But, it turns out, the island wasn’t always so peaceful:
It all began with the fiery god Krakatau. Though his wrath and fury dominated the land, he couldn’t contain the adventurous spirit of his daughter, Tai Nui. She fell in love with a native youth named Kala, and when her fiercely protective father learned of the romance, he flew into a rage. He banished Kala forever to the sky, where he became the Moon.
Overcome with grief, Tai Nui’s tears became the Sea. Krakatau then realized he had only succeeded in destroying what mattered most to him: his daughter’s happiness. Determined to reunite the young lovers, he reached into the earth and pulled it to the sky – creating the volcano of Volcano Bay. Krakatau trapped the remains of his anger and jealousy in the form of the fire spirit Vol, whom he imprisoned deep within the volcano.
This is how the Sky, Sea, and Earth united to form the paradise of Volcano Bay.
Volcano Bay – opening ceremony
On Thursday, May 25, 2017, Universal held a grand opening ceremony to officially welcome guests to its new water theme park. Taking inspiration from Volcano Bay’s elaborate backstory, the festivities were distinctly South Seas in flavor, with a number of Maori practices specifically being invoked, from tribal singers, dancers, and drummers performing on the sands of Waturi Beach to outrigger canoes floating behind them in the huge, multi-directional wave pool.
The capstone of the event – no pun intended – was the presentation of a special stone, which was transported from the bottom of the ocean near New Zealand to Orlando. This ancient tradition is meant to bring good fortune to future generations, and it was passed from a tribal chief to Bill Davis, the President and COO of Universal Orlando Resort.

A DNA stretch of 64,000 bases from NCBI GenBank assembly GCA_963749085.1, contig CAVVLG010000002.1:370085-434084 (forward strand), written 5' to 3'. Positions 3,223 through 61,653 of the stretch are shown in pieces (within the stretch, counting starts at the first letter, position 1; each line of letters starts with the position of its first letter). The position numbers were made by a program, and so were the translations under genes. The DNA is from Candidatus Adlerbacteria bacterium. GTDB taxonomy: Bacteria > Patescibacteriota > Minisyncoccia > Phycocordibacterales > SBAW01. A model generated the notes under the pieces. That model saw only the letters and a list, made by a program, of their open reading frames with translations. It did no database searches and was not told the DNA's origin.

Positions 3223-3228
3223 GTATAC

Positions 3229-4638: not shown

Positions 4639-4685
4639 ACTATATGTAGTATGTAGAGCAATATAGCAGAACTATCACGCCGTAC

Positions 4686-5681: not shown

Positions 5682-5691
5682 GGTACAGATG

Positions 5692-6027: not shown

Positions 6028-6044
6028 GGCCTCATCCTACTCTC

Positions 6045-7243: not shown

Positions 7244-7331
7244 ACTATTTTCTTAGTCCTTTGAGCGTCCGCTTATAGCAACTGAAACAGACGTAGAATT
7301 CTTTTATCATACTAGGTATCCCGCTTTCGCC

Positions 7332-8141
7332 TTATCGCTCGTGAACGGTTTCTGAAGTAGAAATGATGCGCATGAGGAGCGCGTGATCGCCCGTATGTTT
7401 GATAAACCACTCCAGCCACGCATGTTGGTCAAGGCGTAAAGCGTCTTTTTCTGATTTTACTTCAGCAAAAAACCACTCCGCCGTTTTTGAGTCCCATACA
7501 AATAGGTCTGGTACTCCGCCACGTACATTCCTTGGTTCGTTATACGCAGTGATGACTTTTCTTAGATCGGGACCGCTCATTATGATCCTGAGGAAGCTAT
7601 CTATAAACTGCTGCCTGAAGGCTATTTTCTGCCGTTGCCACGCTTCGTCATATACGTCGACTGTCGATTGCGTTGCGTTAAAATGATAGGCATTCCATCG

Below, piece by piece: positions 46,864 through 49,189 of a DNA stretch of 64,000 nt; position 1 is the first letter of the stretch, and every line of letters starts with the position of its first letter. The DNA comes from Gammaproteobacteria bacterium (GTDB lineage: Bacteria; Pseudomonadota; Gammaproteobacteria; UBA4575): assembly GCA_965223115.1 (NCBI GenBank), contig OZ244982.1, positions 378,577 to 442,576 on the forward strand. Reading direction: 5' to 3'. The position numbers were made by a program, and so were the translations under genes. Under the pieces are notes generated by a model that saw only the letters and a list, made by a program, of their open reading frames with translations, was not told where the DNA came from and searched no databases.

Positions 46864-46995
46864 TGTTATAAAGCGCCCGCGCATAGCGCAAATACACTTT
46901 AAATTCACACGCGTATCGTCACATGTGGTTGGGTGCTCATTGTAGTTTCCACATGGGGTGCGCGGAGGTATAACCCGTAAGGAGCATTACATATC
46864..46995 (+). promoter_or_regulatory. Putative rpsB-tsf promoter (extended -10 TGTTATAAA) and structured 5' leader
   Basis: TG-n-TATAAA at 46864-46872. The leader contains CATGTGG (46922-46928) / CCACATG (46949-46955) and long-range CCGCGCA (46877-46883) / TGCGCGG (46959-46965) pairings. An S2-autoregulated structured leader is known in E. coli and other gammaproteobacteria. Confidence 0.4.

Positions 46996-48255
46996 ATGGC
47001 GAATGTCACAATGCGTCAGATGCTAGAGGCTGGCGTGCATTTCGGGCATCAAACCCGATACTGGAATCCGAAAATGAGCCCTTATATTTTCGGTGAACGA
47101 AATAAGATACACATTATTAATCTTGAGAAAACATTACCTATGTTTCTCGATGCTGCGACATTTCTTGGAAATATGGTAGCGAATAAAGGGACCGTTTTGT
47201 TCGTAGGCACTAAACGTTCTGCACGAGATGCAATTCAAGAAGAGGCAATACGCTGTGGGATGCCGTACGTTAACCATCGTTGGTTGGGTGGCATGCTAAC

The watery finale was the plunging of a couple hundred annual passholders into the wave pool, marking them as the first official guests to enjoy Volcano Bay.
Volcano Bay – expansion
Even before Universal’s new water theme park opened, the company was already teasing that it had reserved a five-acre parcel of land for a future expansion – and that, furthermore, construction could start within the first 12 months of the park’s operation, depending upon its popularity. While that hasn’t come to pass, the development still hovers in the very near future.
While we have no idea what would go into this expansion pad, we certainly have some ideas: even more cabanas, should the demand for their rentals prove high enough, and, of course, even more slides. Our biggest hope is for a sister attraction to Krakatau Aqua Coaster, one that includes all the rumored bells and whistles that never came to fruition with the original (such as in-door dark-ride elements, like audio-animatronic figures and projection screens, to tell a story).
- Krakatau at Universal’s Volcano Bay
- Rainforest Village at Universal’s Volcano Bay
- Bambu (quick-service) at Universal’s Volcano Bay
- Kunuku Boat Bar at Universal’s Volcano Bay (full-service bar)
- Maku Puihi Round Raft Rides at Universal’s Volcano Bay
- Ohyah and Ohno Drop Slides at Universal’s Volcano Bay
- Puka Uli Lagoon at Universal’s Volcano Bay
- TeAwa the Fearless River at Universal’s Volcano Bay
- The Feasting Frog (quick-service) at Universal’s Volcano Bay
- Tonga and Raki of Taniwha Tubes at Universal’s Volcano Bay
- River Village at Universal’s Volcano Bay
- TapuTapu at Universal’s Volcano Bay – complete guide
- Universal’s Volcano Bay Tickets – complete guide
- Universal’s Volcano Bay Cabana Rentals – complete guide
- Wave Village at Universal’s Volcano Bay